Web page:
FOR IMMEDIATE RELEASE: April 26, 2019
Rain Monday and Tuesday have swelled an already over-the-top high Wolf River at Winneconne for Sunday’s AIM Weekend Walleye Series Nitro Boats Open, and all that extra precip, and the potential for more on Saturday joining the spring runoff will make the trip against the river’s current even slower due to emergency regs now in effect.
“Spring tournaments on the Wolf system are always interesting and challenging, to say the least, and this one will be no exception,” said AIM National Tournament Director Denny Fox. “The winter snow and now rain have imposed an emergency slow, no-wake rule on the entire lower river, and not just the usual limit of within 500 feet of a dwelling. The no-wake rule extends all the way to Fremont, the first seven miles of river.
“That means anyone making the trip upstream to where the event was won last year near Fremont may take as long as two to three hours before they even put a rod in their hands,” said Fox. “That won’t leave much time to find fish, but for those who do, it may mean winning some cash, or not. All that mix is why AIM loves this system.
“It may all come down to who’s going to choose wisely, and whether you’re a gambler, one who plays it safe, or a team who knows that little bit extra that takes you to the podium steps,” Fox said.
Flood stage on the Wolf is nine feet, and at midweek it was over 10, and climbing, he added.
There’s a good chance of rain again Saturday night, which will add more water and twists to the decision always facing anglers here this time of year: go upriver after the fish everyone knows are there, go downriver after some Lake Winnebago residents, or hope to tickle some lurkers in the backwaters of Poygan and flooded marshes of Butte des Morts.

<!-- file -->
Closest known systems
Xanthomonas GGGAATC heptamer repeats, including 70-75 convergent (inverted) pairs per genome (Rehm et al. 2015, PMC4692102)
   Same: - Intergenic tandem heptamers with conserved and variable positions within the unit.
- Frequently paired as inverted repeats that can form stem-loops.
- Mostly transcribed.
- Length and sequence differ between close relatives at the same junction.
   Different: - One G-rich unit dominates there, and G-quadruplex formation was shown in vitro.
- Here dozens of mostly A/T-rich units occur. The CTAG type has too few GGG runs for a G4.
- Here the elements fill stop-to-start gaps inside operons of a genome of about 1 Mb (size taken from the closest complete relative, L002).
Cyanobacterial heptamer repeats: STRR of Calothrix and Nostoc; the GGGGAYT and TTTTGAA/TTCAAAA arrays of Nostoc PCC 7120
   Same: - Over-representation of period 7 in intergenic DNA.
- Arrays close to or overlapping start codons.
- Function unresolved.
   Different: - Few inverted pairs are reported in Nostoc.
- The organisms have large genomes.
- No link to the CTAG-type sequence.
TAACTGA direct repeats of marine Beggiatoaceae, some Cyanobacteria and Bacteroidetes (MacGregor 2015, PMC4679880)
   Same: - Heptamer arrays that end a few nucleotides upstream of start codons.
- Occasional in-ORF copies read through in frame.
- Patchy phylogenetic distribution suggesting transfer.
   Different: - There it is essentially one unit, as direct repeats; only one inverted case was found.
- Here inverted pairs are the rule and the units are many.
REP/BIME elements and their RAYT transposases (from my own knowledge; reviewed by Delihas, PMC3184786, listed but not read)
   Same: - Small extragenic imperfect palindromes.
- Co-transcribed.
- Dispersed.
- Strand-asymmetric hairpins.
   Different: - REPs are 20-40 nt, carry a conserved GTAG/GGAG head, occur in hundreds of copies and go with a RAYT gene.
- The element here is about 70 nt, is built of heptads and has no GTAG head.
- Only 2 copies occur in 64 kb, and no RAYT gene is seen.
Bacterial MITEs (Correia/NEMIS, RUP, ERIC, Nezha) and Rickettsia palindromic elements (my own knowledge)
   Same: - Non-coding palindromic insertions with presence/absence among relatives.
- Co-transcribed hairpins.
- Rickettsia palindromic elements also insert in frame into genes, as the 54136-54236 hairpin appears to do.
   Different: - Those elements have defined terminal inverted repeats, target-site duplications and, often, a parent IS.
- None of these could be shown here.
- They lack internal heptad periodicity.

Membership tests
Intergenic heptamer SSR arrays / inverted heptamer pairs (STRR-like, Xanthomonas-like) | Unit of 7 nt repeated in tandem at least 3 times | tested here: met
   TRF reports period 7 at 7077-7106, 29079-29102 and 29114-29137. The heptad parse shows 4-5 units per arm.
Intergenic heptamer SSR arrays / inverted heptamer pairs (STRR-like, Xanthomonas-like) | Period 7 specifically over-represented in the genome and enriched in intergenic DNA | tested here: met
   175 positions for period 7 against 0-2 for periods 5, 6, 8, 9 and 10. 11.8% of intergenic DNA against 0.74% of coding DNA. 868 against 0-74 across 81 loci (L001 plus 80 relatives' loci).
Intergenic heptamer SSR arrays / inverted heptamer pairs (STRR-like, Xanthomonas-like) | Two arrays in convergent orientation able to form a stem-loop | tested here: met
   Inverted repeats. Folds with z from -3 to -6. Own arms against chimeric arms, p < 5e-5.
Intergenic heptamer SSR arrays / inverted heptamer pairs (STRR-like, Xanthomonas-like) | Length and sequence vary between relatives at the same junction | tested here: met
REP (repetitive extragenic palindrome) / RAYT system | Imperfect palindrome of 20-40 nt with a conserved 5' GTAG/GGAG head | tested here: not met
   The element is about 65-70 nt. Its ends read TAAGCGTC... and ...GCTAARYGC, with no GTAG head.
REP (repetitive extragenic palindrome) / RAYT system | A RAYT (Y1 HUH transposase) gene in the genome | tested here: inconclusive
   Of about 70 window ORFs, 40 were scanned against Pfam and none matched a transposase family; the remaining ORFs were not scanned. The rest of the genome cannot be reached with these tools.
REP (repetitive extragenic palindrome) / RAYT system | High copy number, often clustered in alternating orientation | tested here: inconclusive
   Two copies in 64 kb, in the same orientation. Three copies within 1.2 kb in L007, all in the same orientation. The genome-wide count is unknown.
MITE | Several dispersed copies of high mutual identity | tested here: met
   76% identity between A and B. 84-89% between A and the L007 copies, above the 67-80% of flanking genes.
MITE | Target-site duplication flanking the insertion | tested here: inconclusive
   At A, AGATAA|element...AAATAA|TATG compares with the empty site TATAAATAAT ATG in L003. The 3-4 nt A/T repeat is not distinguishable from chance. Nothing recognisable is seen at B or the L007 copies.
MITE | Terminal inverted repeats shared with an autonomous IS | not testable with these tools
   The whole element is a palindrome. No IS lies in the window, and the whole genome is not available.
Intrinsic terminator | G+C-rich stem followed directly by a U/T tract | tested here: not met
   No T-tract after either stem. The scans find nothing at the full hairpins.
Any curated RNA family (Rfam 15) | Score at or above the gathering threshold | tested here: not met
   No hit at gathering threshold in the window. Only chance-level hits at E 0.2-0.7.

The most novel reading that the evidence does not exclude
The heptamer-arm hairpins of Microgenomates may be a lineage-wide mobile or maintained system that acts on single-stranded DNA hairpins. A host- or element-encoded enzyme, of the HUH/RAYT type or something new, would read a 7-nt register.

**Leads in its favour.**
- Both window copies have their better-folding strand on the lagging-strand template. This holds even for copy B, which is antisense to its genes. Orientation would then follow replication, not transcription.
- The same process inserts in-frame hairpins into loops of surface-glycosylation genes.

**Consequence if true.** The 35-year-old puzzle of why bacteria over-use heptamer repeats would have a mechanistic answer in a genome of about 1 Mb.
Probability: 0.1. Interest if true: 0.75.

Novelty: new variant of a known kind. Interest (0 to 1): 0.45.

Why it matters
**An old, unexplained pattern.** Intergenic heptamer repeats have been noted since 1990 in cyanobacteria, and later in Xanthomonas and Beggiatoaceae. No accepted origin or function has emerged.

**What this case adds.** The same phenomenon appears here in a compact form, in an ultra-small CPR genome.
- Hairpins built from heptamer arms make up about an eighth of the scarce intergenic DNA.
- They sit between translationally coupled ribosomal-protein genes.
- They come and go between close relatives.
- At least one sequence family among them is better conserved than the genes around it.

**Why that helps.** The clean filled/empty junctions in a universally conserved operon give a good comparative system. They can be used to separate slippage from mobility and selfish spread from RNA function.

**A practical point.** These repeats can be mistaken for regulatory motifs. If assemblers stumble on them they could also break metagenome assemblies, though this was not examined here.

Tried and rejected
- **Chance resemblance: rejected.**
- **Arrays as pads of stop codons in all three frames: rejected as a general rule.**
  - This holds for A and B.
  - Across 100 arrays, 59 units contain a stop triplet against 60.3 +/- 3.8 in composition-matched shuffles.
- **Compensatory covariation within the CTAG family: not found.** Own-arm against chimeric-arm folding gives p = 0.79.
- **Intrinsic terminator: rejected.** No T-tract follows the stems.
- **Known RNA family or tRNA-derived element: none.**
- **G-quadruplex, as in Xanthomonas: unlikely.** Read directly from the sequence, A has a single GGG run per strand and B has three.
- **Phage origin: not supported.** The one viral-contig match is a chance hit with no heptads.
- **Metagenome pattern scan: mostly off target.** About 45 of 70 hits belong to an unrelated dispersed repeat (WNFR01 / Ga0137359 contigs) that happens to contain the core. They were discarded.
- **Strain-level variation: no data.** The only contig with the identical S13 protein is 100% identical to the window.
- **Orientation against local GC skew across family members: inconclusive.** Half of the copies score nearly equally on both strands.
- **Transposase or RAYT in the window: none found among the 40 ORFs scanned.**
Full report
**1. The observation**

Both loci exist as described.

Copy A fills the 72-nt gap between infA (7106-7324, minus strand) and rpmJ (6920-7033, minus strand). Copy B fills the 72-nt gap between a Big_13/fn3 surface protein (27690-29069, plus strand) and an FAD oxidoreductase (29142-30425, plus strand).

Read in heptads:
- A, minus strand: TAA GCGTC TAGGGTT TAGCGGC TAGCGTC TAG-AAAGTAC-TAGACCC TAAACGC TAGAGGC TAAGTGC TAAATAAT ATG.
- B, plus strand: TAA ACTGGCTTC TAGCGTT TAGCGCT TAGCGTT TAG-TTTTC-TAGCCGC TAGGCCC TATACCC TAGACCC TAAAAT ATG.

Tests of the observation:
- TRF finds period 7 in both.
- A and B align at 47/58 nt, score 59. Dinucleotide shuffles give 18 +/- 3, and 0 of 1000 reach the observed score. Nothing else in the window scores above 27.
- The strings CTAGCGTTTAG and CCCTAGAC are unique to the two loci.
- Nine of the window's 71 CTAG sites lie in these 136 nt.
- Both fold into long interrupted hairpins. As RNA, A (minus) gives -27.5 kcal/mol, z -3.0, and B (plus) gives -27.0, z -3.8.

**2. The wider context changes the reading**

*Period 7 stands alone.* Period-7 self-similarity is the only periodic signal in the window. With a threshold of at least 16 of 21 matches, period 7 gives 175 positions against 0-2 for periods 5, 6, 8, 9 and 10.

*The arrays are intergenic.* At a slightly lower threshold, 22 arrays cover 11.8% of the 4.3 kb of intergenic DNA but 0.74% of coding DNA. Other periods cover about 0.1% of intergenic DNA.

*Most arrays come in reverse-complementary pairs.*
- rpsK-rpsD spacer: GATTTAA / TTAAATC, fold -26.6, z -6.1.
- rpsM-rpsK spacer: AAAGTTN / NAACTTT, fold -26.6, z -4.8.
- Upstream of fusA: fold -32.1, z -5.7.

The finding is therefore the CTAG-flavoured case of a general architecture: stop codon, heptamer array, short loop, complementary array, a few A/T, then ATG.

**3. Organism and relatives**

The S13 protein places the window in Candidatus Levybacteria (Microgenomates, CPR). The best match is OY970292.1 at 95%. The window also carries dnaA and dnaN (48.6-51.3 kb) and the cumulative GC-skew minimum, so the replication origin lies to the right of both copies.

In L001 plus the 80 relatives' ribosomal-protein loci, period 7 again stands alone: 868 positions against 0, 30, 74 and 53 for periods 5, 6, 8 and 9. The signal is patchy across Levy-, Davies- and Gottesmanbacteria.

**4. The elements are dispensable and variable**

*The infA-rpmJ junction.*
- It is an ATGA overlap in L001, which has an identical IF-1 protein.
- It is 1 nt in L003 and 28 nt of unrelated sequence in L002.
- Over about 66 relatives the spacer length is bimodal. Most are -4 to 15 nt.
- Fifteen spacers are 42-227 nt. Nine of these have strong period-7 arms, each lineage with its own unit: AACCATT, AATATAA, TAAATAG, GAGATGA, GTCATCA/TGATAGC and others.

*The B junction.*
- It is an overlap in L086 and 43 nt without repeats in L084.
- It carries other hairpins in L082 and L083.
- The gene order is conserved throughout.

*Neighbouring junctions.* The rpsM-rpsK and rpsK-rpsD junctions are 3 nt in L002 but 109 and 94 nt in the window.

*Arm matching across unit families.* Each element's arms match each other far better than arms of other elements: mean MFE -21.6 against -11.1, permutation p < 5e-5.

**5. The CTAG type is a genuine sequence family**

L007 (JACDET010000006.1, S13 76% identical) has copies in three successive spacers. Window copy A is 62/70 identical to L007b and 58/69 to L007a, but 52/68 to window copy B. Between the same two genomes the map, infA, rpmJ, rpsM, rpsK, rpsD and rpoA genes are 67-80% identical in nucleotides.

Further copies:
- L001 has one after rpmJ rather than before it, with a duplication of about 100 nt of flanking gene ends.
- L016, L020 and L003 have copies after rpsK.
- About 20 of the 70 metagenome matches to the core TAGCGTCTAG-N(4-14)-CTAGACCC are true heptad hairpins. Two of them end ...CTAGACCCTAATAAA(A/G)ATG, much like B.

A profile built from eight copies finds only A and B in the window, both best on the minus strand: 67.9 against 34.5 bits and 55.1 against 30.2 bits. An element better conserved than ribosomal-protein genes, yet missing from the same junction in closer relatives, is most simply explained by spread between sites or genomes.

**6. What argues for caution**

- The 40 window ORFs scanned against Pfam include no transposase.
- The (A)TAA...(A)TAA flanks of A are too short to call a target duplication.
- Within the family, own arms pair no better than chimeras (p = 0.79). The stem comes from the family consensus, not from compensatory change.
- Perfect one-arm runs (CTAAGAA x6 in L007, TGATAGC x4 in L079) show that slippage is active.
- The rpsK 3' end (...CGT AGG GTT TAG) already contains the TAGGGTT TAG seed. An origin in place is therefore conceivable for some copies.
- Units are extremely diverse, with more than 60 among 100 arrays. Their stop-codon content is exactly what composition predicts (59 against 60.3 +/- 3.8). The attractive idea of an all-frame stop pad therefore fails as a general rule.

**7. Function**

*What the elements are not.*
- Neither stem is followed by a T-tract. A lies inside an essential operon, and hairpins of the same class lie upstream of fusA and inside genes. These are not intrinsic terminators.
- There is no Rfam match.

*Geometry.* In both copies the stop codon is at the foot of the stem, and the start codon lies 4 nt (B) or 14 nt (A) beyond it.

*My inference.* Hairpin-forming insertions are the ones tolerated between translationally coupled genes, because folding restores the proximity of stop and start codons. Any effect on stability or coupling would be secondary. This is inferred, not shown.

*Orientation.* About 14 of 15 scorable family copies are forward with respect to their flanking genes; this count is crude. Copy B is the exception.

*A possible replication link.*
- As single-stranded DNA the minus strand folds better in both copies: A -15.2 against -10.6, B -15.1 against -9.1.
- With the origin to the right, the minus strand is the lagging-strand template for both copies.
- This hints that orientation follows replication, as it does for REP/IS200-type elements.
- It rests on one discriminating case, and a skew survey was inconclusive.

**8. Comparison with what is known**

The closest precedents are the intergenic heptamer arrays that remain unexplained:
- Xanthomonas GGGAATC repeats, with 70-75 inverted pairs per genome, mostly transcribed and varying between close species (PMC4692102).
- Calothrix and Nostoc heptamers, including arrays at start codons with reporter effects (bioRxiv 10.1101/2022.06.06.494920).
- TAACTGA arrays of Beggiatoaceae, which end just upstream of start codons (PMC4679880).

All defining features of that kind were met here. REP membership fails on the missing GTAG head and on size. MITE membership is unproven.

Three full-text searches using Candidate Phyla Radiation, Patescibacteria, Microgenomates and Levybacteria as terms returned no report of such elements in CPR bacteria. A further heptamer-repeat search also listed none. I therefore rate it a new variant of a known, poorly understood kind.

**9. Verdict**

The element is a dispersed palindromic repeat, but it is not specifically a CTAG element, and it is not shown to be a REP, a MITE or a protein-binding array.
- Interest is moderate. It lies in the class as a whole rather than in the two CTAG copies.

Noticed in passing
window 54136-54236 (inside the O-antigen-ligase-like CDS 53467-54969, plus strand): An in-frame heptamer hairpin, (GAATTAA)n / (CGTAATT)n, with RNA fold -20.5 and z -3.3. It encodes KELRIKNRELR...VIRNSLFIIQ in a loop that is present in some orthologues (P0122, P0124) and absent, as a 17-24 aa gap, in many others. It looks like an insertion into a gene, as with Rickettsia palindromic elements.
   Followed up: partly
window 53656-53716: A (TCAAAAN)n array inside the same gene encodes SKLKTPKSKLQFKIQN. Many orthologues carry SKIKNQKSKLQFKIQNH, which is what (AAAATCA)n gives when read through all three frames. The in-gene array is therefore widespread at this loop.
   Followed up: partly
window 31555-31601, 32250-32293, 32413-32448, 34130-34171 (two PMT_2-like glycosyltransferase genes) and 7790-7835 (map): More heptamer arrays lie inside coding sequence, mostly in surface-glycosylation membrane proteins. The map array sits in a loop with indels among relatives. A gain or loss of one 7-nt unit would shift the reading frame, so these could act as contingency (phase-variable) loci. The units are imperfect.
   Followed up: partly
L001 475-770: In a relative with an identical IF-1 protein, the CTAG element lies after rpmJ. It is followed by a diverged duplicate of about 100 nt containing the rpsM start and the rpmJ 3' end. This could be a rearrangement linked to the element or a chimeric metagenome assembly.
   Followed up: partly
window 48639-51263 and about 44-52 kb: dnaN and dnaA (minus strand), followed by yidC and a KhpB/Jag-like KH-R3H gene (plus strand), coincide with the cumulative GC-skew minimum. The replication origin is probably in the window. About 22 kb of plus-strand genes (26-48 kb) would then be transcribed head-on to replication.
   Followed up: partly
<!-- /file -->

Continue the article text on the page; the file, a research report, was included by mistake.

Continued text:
One who didn’t want to tip his hand too much about where he’s heading is Nick Heelein of Genoa City, WI, who also knows that this time of year, you’ve got to be ready for anything and any technique that can get you to the podium.
Heelein guides a lot on the Fox River and at last year’s AIM tourney, placed seventh on the Wolf. He’s looking for high, high water conditions.
“ It’s already tough and it’s just going to get tougher. The water on the river’s higher than I’ve seen in a long time, and it’s fast, and the fishing has been horrible,” “Heelein said. Now, Nick, tell us what you REALLY think!
“There was a tournament this past weekend near Fremont. There may have been 63 boats, and I believe there were nine fish caught. The winning weight was five or six pounds,” he said. “They launched in and stayed in the river, so it’s not like they went into the lakes.”
And if that gives you a hint about where he’s thinking the second AIM Wisconsin Division 2019 tournament may be won, you may be right.
He’s guessing most of the biggies are still upriver in the flooded areas near Shiocton. A recent video was produced by The Reel Shot in Appleton showing the Wisconsin DNR on a tagging survey near that town and posted at AIM’s Facebook page. It showed lots of fish being electro- shocked and released. But, there’s that current, and the limited fishing time resulting for anyone dealing with that no-wake rule. That’s why he’s looking downstream.
“I’d be surprised if any boats go up. A lot I think will be fishing the lower lakes and a lot will be going into Winnebago looking for lake fish,” he predicted. And, that predicted new rain won’t help the cause.